§ Sir David Price
asked the Secretary of State for Trade (1) what is the present assessment of the fire risks involved in the use of polyurethane foam as a stuffing for furniture; and if he will make a statement;
(2) what is his estimate of the percentage of upholstered furniture currently being made which makes use of polyurethane either as a covering or as stuffing;
(3) what research he has instituted or supported to find an economic alternative to the use of polyurethane foam as a stuffing for upholstered furniture.
§ Mrs. Sally Oppenheim
Standard polyurethane foam used in domestic furniture in combination with certain covering materials is readily ignitable, burns fiercely and rapidly, emitting intense heat and, during burning, rapidly produces large quantities of dense and acrid smoke containing common products of combustion.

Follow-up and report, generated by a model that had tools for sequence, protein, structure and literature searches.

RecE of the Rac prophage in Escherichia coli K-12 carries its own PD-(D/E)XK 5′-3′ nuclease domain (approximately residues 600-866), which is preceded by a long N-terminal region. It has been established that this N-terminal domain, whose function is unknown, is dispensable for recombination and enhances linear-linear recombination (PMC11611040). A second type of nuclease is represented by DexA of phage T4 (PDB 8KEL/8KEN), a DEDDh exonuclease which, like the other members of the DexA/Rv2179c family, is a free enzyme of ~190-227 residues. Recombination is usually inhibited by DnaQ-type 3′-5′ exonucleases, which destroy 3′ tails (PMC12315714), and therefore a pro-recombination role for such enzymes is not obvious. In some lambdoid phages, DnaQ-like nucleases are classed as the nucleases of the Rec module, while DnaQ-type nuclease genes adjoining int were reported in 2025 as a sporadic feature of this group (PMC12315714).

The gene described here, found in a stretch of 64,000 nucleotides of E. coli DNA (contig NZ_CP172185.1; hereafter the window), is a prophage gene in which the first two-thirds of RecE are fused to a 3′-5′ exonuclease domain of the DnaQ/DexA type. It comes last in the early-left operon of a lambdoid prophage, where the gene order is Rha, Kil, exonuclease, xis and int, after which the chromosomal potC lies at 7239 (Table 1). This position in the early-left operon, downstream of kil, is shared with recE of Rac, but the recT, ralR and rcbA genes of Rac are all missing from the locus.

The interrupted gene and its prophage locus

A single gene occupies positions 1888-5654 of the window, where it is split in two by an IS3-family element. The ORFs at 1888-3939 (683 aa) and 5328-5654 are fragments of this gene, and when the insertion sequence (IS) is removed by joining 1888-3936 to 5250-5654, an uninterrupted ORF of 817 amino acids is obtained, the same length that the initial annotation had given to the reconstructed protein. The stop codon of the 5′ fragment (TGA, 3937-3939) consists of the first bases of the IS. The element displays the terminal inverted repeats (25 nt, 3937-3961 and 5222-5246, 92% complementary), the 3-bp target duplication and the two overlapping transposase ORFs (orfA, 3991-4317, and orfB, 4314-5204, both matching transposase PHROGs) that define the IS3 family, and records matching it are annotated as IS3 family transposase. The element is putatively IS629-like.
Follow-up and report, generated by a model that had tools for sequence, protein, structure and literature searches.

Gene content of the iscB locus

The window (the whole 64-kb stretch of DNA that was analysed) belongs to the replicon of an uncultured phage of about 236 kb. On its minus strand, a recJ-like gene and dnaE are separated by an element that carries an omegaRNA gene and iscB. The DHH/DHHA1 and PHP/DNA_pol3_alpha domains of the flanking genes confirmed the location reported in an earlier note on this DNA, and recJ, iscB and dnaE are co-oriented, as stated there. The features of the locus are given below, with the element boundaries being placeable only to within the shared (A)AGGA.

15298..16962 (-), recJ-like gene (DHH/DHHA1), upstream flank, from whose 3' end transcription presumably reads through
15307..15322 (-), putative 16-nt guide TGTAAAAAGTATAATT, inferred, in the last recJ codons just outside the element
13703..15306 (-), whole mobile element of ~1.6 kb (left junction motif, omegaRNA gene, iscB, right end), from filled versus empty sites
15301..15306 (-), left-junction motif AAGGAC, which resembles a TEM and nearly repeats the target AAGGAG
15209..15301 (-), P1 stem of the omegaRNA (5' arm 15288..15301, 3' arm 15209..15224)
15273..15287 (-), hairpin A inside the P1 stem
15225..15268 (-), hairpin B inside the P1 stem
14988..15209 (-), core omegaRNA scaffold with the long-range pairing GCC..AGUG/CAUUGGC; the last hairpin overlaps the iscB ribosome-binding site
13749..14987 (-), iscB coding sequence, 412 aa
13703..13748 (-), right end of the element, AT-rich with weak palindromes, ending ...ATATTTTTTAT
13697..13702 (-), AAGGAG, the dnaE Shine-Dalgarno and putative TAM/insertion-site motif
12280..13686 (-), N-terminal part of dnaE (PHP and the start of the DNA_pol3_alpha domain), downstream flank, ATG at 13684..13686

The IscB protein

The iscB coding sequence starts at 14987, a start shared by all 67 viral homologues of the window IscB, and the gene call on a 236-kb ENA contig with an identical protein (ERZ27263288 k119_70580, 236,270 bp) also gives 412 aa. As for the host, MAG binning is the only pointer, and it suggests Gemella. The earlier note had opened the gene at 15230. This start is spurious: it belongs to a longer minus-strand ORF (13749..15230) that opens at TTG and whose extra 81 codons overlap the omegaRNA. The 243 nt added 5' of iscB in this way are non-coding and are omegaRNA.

The fire risks from polyurethane foam commonly used in upholstery material for domestic furniture depend on a number of factors. The type and quantity of foam is significant but so also are the burning characteristics of the outer fabric, the presence or absence of fire barrier materials, the design of the furniture itself and the sources of ignition to which the furniture is likely to be exposed.
While the proportion used varies from piece to piece, I understand that over 90 per cent. of domestic upholstered furniture in current production contains polyurethane, predominantly in the foam.
The Upholstered Furniture (Safety) Regulations 1980 are intended to avoid the risks of the fabric and filling combined catching fire and are far in advance of anything else in the world. I believe also that the regulations have stimulated further research into safer economic alternatives to the polyurethane foam used for filling at present. Industry is engaged in research and development into such alternatives and several are being assessed technically by the Government's Property Services Agency. However, the prospects for their effective commercial use in domestic furniture cannot be forecast.